The South African National Road Agency (Sanral) has appointed Koos Smit as acting chief executive following the resignation of its long-time CEO Nazir Alli on Tuesday.
Smit is a long-standing member of the agency’s executive management team and will take over from Alli on June 3.
He will remain in the position until a new chief executive is chosen. In a statement released on Wednesday, Sanral said it had every confidence that Smit would ensure that the agency’s daily operations continue as normal.
Alli’s resignation on Tuesday, from the post he had come to define over the past 14 years, came as a shock to many.
Sanral did not provide any reasons for Alli’s resignation and Alli himself is out of the country and not available for comment. This has lead to a flurry of speculation about whether Alli had been pressured into quitting.
On Wednesday the board moved to quash rumours that Alli had been asked to resign.
“This was Mr Alli’s own choice. He was not asked to resign. In fact, in the recent performance assessment of the CEO, the board assessed him as well above average in his performance,” it said, adding that under his leadership, Sanral had for a number of years been one of the best-performing state owned enterprises.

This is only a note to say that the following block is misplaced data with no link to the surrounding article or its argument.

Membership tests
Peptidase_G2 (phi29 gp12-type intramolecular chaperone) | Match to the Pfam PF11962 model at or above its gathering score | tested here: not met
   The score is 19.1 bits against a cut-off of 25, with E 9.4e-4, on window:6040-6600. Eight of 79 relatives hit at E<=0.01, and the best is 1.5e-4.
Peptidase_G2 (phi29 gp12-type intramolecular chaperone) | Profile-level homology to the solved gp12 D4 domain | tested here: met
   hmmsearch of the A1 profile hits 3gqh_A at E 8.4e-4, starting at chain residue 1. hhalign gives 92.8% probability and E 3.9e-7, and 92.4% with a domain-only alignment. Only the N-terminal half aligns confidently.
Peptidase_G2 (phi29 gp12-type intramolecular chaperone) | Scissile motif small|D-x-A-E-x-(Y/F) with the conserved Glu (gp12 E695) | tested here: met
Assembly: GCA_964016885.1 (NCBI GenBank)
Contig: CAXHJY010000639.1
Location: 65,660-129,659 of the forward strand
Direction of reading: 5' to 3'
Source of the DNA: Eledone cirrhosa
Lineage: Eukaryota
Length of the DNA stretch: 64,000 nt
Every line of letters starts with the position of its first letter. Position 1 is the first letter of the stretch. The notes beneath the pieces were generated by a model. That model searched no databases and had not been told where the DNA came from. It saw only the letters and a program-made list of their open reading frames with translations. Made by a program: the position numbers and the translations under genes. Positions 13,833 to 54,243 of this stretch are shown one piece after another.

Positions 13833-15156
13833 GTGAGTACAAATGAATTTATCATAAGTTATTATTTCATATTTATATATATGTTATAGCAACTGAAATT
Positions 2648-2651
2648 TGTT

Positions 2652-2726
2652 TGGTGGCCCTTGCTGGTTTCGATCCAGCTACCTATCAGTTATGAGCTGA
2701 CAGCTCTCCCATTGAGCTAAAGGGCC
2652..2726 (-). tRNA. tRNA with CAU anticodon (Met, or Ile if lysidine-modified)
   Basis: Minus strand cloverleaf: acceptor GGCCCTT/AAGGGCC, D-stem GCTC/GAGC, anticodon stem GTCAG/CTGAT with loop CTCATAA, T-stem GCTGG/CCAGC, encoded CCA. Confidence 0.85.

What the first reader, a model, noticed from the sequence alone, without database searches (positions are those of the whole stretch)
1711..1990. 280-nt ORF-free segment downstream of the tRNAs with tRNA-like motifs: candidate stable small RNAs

Sanral said Alli did not elaborate on factors that influenced his decision in his letter of resignation. “While acknowledging the pressure on Sanral in recent times, the board did not believe it necessary in the circumstances to try to explore with him his personal deliberations and reflections,” said Sanral.
The board said Alli’s decision should be “respected rather than interrogated”. Over the past few months, public anger over the controversial scheme to toll sections of Gauteng’s national roads have been directed at Sanral and Alli in particular and recent reports have alleged corruption in Sanral’s tender processes.
Cosatu has said that the scheme needs to be investigated thoroughly and the DA has asked the public protector to investigate the matter. Alli himself consistently defended Sanral’s integrity and invited investigation into its processes from either the public protector, auditor general or a commission of inquiry.
The scheme ground to at the end of April after the courts interdicted the implementation of the toll system, despite Sanral and treasury’s insistence that this would have dire consequences for the roads agency and the country as a whole.
On Tuesday national treasury has told parliament that even with “major sacrifices” Sanral would only be able to keep going for another six months. Sanral manages over 16 000 kilometres of the national road network, 3 000 of which are tolled.